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Brazil's Energy Rationing Aims to Cut Usage by 20%

Latin America: Government plan that imposes surcharges and blackouts on violators is defended by task force..


RIO DE JANEIRO — As Brazilians rushed to snap up power-saving light bulbs, candles and generators before the Friday start of energy rationing, government lawyers staffed the legal barricades Sunday in an effort to protect the plan.

Latin America's largest country and biggest economy is in the grips of an acute electricity crisis and, under the government rationing plan, must reduce power consumption an average of 20% or face forced blackouts later this year.

Energy cuts for industry, commerce and homes are expected to brake economic growth, trigger layoffs, cut foreign investment and hurt Brazil's trade balance.

The government has said that companies must cut power use by as much as 25%, and residents by as much as 20%. Almost 80% of Brazil's 170 million residents are affected by the rationing, including those living in Brazil's most populated regions. Starting June 1, there will be "zero tolerance" of violators, whose power could be cut for up to six days as punishment. Some residential violators could also face fines of up to 200% of their electricity rates.

At a meeting with consumers today, lawyers and the task force set up to overcome the crisis must convince the public to accept a decree that overrides consumer rights while rationing is in place.

That measure was meant to prevent a rising wave of lawsuits against the plan, which imposes surcharges and even blackouts on those who do not cut power use, but it only set off yet more court challenges.

President Fernando Henrique Cardoso last week signaled that the government may back off on the consumer rights issue, but some in the energy sector have said lack of determination by the administration may cost the country dearly.

They say forced outages would be much worse for the economy and people generally than semi-voluntary rationing. If the present rationing plan does not produce the desired effect in two to three months, the power cut needed to avoid an uncontrollable structural crisis would be double the 20% reduction.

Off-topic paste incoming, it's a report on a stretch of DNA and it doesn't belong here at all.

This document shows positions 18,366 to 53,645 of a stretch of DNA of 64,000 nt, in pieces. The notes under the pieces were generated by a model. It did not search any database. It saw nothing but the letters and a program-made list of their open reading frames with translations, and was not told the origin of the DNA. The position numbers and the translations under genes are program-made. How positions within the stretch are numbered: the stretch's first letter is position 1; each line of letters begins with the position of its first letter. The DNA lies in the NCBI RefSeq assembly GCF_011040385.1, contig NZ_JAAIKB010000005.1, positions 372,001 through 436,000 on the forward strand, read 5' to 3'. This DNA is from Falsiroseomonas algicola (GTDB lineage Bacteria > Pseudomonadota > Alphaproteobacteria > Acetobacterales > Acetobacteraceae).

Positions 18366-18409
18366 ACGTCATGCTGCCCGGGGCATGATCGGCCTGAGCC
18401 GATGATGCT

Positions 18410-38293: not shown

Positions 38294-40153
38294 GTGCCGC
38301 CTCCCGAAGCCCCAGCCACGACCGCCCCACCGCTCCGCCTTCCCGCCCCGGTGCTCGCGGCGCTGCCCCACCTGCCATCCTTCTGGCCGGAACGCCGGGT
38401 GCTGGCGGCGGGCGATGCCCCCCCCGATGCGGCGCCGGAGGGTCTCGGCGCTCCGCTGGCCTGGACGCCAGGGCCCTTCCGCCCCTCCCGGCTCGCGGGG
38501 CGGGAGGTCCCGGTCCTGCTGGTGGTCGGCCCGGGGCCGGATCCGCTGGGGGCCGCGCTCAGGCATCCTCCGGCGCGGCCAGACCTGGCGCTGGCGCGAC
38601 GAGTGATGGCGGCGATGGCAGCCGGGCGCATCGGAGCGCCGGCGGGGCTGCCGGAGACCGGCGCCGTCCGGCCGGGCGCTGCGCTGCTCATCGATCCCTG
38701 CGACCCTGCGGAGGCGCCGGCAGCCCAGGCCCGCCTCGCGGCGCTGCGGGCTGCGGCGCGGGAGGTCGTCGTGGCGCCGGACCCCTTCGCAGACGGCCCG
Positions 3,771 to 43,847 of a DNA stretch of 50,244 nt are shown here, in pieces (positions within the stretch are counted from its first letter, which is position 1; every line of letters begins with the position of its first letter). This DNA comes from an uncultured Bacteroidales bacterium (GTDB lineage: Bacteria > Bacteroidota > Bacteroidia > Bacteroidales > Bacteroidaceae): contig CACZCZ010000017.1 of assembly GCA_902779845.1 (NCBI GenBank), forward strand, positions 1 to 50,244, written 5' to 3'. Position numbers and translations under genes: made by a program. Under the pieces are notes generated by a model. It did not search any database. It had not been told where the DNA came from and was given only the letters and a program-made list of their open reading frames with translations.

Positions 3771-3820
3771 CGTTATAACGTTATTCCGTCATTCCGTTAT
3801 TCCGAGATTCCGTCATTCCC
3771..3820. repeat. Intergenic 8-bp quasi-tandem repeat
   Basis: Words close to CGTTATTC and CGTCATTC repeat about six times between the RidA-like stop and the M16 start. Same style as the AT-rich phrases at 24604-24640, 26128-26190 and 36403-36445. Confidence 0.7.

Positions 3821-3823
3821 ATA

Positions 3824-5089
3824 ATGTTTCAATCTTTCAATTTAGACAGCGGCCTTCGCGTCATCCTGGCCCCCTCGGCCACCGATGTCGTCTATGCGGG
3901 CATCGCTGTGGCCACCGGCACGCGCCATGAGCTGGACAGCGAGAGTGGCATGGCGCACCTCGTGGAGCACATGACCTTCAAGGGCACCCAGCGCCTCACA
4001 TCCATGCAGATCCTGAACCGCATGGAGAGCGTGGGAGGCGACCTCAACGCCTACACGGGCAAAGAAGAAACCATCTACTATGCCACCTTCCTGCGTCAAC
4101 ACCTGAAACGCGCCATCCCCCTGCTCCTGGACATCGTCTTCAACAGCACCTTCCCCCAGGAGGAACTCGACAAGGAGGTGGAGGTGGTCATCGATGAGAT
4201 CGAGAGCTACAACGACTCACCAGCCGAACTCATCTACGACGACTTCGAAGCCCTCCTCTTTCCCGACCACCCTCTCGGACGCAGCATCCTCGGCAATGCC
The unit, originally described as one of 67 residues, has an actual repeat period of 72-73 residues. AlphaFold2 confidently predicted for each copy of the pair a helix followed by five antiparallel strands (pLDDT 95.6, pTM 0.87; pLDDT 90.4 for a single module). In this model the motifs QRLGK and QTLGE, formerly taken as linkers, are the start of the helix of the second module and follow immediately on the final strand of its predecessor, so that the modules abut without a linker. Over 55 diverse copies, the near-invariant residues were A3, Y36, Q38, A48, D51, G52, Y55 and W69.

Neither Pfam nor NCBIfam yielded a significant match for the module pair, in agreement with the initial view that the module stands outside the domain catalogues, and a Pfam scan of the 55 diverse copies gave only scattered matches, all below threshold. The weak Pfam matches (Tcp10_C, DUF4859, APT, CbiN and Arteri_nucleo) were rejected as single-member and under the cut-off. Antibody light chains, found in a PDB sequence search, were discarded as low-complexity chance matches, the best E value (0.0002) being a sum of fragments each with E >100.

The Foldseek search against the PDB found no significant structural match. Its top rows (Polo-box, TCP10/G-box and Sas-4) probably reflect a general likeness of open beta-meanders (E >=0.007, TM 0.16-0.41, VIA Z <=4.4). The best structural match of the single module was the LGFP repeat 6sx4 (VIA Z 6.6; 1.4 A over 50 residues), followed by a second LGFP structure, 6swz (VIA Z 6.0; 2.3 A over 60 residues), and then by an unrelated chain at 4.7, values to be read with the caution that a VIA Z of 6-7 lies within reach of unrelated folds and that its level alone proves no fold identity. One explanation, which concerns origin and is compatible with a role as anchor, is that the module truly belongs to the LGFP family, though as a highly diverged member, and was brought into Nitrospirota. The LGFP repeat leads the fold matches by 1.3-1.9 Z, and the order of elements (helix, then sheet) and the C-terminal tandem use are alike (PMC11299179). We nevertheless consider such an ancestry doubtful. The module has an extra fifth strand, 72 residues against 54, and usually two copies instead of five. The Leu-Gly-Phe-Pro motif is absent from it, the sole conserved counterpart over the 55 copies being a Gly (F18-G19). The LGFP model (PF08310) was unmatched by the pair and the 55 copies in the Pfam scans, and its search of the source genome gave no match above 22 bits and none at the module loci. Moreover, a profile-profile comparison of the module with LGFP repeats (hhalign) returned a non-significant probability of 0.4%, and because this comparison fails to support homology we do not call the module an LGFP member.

Although the head of the task force, Cardoso's chief of staff Pedro Parente, denied having any plans to impose a state of emergency in Brazil, Mines and Energy Minister Jose Jorge, has raised such a possibility in the future. A state of emergency would nullify consumer lawsuits and give the government unlimited power to tackle the crisis.

President Cardoso said in an interview published Sunday in the daily Jornal do Brasil that the country might stop functioning if it did not rain. But he added: "It won't happen."

Brazil's worst energy crisis in at least three decades was triggered by droughts that dried up reservoirs at hydroelectric plants that provide 90% of the country's electricity needs. But experts point to poor investment in the electricity sector and bad management as the main reasons for the crisis.

Cardoso again admitted that the government had not been ready to face the crisis, saying he himself was caught by surprise. But despite what the experts are saying, he insisted the drought was the main culprit.

"There is more than enough generation [capacity]. It's a lack of water," he said.

In the meantime, Brazilians are taking action. Consumption in May in the southeast--one of the worst-hit regions--has already fallen 8%.

Although that is partly due to people turning off air conditioners now that summer is over in Brazil, the change is apparent at night, when most homes are dark.

Newspapers and television programs endlessly explain how best to save energy, what appliances to switch off and what to do in case of a blackout. The sales of low-consumption light bulbs have soared and merchants are running out of power generators.

Even Cardoso's residence and palace are affected.

"I ordered [the staff] to diminish internal lights, switch off refrigerators and swimming pool heating," Cardoso said in the interview, although he added he always swims in cold water.

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